GLENDALE, Ariz. -- Bruce Arians’ main expectation for the Arizona Cardinals in 2016 is narrow and simple.
“Win the Super Bowl,” the coach said. “Nothing else will be acceptable.”
Talk about pressure.
That’s how the Cardinals will enter their first full day of training camp Friday at University of Phoenix Stadium, just about six months removed from a dismal, embarrassing loss to the Carolina Panthers in the NFC Championship Game, and with the weight of a state and the eyes of a league focused on them. The Cardinals came within a game of the Super Bowl after the best season in franchise history: a 13-3 mark and six offensive records.
Arians had the same expectations for Arizona last season, so that hasn’t changed. But this year is different.
“When you have the type of season we had, you expect to do better,” Arians said. “So, we got to do better. We got to get back to where we were first and then do better.”
Doing better than last season means the Cardinals make the second Super Bowl in franchise history and their first since after the 2008 season. Doing better than last season means the Cardinals take home their first Vince Lombardi Trophy ever. There isn’t much room for improvement.
With training camp yet to begin, the Cardinals have already become used to hearing the outside chatter about being the favorites in the NFC West, the conference and the league. Making a run to the Super Bowl hasn’t just become a pipe dream in the desert. It’s become an expectation.
And Arians welcomes it all.
“That’s great, that’s nice,” he said. “It helps solidify what you’re telling them. ‘You obviously have earned the right now to be considered a good football team, somebody that they’re picking in the top five or six. Now, it’s your job to show up and do it.’”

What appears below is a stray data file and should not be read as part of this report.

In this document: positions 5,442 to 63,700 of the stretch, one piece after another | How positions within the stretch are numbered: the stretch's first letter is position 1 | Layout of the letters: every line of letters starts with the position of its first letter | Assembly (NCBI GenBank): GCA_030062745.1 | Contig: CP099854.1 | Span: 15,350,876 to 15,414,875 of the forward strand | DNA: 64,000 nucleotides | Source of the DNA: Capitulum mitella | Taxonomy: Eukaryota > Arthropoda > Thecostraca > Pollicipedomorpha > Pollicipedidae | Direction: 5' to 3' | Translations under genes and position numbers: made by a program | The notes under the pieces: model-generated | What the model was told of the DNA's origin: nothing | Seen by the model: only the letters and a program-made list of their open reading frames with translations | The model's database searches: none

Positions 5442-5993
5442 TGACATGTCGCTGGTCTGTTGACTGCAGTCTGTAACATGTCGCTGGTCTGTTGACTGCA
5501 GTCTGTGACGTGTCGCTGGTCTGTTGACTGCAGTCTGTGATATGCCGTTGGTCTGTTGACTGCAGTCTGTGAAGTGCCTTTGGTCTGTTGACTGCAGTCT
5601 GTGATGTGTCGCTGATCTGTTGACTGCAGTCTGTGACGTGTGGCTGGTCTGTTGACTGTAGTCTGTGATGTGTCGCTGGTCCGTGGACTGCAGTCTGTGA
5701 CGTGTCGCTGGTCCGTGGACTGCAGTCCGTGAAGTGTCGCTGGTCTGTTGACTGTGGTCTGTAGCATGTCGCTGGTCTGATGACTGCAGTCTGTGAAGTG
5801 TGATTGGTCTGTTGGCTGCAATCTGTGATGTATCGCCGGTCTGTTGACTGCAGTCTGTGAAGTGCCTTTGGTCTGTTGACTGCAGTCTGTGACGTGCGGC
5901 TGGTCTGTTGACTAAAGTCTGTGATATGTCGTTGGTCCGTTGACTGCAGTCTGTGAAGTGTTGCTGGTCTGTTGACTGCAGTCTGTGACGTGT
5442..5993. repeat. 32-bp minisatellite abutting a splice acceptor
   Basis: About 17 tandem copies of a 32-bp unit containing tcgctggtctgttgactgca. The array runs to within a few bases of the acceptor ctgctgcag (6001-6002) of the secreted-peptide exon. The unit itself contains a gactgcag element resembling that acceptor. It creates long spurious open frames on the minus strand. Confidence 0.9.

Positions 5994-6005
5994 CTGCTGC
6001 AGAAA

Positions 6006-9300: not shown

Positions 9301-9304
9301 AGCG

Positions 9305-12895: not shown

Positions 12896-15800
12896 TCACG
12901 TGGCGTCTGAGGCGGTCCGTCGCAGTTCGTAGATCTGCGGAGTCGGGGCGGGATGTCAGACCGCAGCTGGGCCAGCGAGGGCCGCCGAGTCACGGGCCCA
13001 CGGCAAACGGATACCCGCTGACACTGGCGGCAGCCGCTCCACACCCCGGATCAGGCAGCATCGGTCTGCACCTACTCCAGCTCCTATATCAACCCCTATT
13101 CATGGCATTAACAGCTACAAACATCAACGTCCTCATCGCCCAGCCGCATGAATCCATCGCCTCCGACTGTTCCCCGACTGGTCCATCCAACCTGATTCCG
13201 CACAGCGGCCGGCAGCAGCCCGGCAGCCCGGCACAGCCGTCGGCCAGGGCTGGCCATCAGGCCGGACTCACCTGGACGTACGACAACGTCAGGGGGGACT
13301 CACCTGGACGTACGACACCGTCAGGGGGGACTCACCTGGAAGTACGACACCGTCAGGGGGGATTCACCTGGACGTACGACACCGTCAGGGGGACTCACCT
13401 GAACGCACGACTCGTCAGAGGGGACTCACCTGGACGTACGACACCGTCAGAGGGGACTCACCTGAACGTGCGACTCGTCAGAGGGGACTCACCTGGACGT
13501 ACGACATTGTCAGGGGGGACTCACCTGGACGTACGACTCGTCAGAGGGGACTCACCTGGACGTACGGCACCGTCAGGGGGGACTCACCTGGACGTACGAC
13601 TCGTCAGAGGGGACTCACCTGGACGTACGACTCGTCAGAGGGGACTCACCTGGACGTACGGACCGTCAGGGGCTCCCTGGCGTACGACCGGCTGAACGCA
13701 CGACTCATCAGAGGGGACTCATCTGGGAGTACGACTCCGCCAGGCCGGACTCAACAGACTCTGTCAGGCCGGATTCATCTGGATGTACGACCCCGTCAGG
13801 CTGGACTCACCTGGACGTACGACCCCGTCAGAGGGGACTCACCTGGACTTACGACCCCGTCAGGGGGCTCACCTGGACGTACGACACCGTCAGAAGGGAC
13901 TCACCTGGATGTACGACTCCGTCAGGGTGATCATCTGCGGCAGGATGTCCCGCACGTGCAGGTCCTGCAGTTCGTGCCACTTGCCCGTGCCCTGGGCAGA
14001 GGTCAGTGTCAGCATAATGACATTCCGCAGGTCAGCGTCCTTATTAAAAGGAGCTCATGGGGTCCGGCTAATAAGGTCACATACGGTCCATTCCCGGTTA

What if the Cardinals do?
What if the Cardinals live up to the expectations that come with making the conference championship the season prior, that come with having an MVP candidate at quarterback, that come with having an offense that’s returning everyone who caught a pass from Carson Palmer and scored a touchdown last season?
What will Arians do?
He’s 63, turning 64 on Oct. 3. He already has two Super Bowl rings from his days as an assistant in Pittsburgh. His third, won as the man in charge, would likely mean the most. Would Arians retire?
“I never even thought about it,” Arians said. “I would probably be more apt to try to get two.”
Indeed, he added, his wife, Chris, would probably tell him to “go for two."
To win a second title would mean he’d have to have the right pieces. With aging stars -- Palmer turns 37 in December and wide receiver Larry Fitzgerald turns 33 on Aug. 31 -- the window is closing. Arians wouldn’t be shocked if the players themselves walked away on top.
Then again, he doesn’t think it’d be tough to convince them to hang around for another ring.
“I think that’s something individual,” Arians said. “From the way they prepared and worked, I think it would be time for a couple of them to decide.
“I don’t think it would be hard to convince them to try to get two.”